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Should I get the COVID-19 vaccine if I’m pregnant? What if I have a weakened immune system or already had COVID?

Last Updated: 02/12/2021

Pregnant or Breastfeeding Individuals

Individuals who are pregnant are eligible for the COVID-19 vaccine in New Jersey, but should first discuss vaccination with their medical provider before receiving the vaccine.

Pregnant people are at an increased risk for severe illness from COVID-19 compared to non-pregnant people. At the same time, there is limited data about the safety of COVID-19 vaccines for people who are pregnant.

Getting vaccinated is a personal choice for people who are pregnant and a discussion with a healthcare provider could help you make an informed decision.

For more information, refer to the CDC'svaccination considerations for people who are pregnant or breastfeeding.

Individuals With Underlying Medical Conditions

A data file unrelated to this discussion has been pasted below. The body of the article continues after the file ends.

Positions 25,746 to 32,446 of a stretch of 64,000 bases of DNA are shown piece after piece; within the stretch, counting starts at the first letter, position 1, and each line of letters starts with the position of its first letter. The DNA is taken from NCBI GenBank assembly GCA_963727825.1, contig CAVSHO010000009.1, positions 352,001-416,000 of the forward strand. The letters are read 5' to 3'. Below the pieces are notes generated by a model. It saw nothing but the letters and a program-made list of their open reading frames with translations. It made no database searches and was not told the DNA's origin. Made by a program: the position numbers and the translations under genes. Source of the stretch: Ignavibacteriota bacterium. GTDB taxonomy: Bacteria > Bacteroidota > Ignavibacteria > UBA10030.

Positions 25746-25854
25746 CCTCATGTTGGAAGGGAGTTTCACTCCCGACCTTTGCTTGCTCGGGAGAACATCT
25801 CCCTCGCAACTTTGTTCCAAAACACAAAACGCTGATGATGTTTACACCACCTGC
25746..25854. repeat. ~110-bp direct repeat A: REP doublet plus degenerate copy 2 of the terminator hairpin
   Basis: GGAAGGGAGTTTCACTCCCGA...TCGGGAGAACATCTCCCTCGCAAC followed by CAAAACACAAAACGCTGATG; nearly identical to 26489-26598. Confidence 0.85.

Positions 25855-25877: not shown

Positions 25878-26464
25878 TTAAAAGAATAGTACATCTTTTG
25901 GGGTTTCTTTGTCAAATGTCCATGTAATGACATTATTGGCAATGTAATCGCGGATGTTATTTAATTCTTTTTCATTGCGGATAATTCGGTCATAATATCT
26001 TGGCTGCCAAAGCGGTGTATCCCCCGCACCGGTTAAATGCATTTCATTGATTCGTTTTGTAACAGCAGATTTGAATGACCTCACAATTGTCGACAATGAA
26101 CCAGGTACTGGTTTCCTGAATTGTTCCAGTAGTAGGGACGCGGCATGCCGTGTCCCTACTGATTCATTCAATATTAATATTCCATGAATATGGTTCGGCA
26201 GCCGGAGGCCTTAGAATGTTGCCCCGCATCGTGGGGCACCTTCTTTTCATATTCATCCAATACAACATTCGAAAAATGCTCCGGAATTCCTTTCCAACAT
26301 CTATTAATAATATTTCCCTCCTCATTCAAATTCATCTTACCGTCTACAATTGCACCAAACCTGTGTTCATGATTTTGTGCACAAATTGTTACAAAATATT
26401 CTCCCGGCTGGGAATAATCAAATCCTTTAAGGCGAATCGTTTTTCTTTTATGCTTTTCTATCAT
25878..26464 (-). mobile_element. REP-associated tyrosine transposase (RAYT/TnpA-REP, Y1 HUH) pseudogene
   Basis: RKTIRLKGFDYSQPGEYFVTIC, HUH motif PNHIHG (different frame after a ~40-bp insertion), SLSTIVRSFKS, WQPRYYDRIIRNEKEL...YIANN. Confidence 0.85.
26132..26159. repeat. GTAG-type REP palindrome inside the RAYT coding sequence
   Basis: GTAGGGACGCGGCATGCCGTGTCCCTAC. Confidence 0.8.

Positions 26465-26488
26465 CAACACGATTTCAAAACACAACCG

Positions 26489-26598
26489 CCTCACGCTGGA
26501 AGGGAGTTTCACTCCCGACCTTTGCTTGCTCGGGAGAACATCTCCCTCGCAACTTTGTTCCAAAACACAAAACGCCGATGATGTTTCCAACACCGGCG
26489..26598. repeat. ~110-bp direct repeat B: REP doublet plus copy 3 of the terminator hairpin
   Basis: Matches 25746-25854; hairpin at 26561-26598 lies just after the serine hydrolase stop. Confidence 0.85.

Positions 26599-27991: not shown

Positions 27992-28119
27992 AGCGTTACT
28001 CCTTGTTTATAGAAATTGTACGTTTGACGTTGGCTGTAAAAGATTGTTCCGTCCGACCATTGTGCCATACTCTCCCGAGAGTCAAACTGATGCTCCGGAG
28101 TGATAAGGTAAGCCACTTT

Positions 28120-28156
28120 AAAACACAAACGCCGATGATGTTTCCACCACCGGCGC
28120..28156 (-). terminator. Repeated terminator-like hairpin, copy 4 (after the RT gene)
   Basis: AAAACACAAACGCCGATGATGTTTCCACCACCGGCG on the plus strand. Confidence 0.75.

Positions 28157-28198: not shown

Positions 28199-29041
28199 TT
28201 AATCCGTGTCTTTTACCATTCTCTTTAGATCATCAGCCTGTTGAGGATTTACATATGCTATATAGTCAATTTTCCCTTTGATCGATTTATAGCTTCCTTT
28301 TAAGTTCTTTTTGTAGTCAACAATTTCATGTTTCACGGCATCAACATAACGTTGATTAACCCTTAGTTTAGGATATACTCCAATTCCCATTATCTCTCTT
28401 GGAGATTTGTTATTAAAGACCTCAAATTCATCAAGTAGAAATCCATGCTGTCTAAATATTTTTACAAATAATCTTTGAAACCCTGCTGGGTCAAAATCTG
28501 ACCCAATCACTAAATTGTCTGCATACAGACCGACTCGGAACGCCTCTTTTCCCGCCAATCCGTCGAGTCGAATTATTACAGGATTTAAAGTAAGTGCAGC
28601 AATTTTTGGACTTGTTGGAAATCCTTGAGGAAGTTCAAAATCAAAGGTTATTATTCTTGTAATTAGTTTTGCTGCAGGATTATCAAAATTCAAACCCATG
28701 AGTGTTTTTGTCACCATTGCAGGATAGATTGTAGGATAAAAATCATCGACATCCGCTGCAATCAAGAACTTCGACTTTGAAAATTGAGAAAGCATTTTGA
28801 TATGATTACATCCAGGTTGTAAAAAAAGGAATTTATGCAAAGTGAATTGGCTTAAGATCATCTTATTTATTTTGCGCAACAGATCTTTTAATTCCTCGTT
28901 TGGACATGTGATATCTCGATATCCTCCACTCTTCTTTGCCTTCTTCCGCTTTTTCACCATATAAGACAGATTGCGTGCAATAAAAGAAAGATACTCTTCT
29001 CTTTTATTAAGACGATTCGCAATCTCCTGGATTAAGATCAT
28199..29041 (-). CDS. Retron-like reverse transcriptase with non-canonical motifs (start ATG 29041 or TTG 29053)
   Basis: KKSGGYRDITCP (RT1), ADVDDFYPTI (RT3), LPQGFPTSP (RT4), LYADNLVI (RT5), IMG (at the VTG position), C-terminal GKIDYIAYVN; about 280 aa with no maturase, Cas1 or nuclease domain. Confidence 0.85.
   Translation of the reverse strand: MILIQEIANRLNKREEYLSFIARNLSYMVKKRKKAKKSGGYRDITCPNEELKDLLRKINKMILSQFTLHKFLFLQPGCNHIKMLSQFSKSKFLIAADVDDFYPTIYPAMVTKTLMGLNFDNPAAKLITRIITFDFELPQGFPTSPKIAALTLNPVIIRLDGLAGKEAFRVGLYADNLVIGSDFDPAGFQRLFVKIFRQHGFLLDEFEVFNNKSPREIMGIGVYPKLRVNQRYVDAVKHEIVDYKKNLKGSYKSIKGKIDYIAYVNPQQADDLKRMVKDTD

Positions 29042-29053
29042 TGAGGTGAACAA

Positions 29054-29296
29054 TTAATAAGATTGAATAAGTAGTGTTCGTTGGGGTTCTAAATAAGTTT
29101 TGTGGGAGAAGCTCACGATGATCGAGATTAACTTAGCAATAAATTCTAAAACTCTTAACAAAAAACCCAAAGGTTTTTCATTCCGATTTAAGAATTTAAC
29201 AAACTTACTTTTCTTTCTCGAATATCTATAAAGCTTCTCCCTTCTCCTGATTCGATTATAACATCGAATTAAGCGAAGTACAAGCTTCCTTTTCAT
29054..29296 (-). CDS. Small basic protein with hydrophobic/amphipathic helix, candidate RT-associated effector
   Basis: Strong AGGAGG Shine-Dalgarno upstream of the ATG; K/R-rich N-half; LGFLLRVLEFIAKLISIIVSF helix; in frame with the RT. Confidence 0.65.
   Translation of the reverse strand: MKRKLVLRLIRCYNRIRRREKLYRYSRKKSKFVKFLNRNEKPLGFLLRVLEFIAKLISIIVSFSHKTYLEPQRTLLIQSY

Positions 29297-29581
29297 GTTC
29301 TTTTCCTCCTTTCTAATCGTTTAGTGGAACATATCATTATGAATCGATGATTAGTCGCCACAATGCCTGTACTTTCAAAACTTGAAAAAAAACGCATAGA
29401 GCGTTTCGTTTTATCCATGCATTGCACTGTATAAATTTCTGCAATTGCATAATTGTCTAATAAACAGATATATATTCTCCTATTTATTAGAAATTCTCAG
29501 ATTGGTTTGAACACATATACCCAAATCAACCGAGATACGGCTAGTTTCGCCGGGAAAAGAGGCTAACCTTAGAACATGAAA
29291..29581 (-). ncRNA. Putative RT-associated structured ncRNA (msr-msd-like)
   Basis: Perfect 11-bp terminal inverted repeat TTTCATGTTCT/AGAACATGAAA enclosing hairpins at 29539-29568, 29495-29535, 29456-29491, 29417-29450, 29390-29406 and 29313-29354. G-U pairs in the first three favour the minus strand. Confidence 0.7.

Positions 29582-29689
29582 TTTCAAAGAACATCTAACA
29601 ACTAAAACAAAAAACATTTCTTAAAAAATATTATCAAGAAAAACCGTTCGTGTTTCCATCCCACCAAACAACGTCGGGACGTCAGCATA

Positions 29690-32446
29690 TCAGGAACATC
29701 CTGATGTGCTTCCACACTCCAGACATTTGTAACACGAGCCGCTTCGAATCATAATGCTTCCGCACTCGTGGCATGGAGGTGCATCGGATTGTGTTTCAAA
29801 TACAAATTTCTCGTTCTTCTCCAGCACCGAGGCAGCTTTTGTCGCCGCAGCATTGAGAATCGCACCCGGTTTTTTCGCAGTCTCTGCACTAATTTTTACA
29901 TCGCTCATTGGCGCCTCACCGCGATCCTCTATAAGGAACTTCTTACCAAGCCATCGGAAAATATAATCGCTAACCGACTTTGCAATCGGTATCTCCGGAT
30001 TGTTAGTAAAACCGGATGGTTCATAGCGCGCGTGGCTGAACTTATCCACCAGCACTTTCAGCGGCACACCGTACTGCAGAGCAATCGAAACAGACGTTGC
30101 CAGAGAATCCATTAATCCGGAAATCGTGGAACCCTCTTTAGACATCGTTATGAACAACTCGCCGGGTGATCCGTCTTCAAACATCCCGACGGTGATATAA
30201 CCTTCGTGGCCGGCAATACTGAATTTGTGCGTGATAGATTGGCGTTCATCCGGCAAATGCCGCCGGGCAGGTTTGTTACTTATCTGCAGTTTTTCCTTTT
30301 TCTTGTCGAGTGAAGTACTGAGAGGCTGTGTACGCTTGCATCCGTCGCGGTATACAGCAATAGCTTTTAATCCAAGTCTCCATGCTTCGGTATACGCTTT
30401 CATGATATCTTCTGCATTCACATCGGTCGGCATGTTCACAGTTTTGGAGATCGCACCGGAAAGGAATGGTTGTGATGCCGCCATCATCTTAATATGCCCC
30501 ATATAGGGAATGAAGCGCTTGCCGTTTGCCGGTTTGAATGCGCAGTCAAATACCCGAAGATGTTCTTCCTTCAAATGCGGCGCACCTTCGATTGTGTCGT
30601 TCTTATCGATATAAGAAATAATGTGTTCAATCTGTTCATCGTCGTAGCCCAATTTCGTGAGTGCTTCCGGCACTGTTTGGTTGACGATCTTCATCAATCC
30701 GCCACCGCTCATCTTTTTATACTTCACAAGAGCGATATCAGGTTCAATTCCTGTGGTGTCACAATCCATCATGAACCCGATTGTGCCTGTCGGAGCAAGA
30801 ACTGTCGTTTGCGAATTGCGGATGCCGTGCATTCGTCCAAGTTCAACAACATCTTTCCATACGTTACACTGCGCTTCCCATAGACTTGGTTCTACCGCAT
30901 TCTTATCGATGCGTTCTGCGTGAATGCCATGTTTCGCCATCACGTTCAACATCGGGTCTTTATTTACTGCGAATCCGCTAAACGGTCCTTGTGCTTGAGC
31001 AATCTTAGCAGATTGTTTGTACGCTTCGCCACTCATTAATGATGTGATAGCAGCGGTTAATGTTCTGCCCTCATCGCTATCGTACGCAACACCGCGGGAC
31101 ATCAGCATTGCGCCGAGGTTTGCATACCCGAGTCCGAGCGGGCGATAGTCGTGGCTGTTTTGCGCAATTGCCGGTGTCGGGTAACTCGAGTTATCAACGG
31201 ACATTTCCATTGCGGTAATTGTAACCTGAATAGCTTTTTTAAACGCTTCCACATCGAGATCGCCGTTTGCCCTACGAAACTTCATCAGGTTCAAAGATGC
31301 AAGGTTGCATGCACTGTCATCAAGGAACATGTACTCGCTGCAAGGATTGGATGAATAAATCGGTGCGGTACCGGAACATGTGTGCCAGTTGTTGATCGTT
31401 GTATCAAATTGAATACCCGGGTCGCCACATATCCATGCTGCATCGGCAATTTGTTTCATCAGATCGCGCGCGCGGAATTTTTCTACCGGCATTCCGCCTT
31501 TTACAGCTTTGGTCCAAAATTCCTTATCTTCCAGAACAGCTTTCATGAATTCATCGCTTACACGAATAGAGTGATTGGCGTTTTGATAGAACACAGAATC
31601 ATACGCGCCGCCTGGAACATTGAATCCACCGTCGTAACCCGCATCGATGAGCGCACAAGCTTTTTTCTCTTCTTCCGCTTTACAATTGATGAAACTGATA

Individuals with weakened immune systems are eligible for the COVID-19 vaccine in New Jersey, but should first discuss vaccination with their medical provider before receiving the vaccine.

According to the CDC, individuals with weakened immune systems might be at increased risk for severe COVID-19. At the same time, there is limited information about the safety of COVID-19 vaccines for people who have weakened immune systems.

Getting vaccinated is a personal choice and a discussion with a healthcare provider could help you make an informed decision.

For more information, refer to the CDC'svaccination considerations for persons with underlying medical conditions.

Individuals Recovered From COVID-19

People who have gotten sick with COVID-19 should still get vaccinated.

At this time, experts do not know how long someone is protected from getting sick again after recovering from COVID-19. The immunity someone gains from having an infection varies from person to person. Some early evidence suggests natural immunity may not last very long.

Although there is no minimal interval between infection and vaccination, current evidence suggests reinfection is uncommon in the 90 days after initial infection, and thus persons with documented acute infection in the preceding 90 days may defer vaccination until the end of this period, if desired.

Source:https://www.cdc.gov/coronavirus/2019-ncov/vaccines/recommendations/pregnancy.html;https://www.cdc.gov/coronavirus/2019-ncov/vaccines/recommendations/underlying-conditions.html;Commissioner Persichilli's Remarks 1/13/21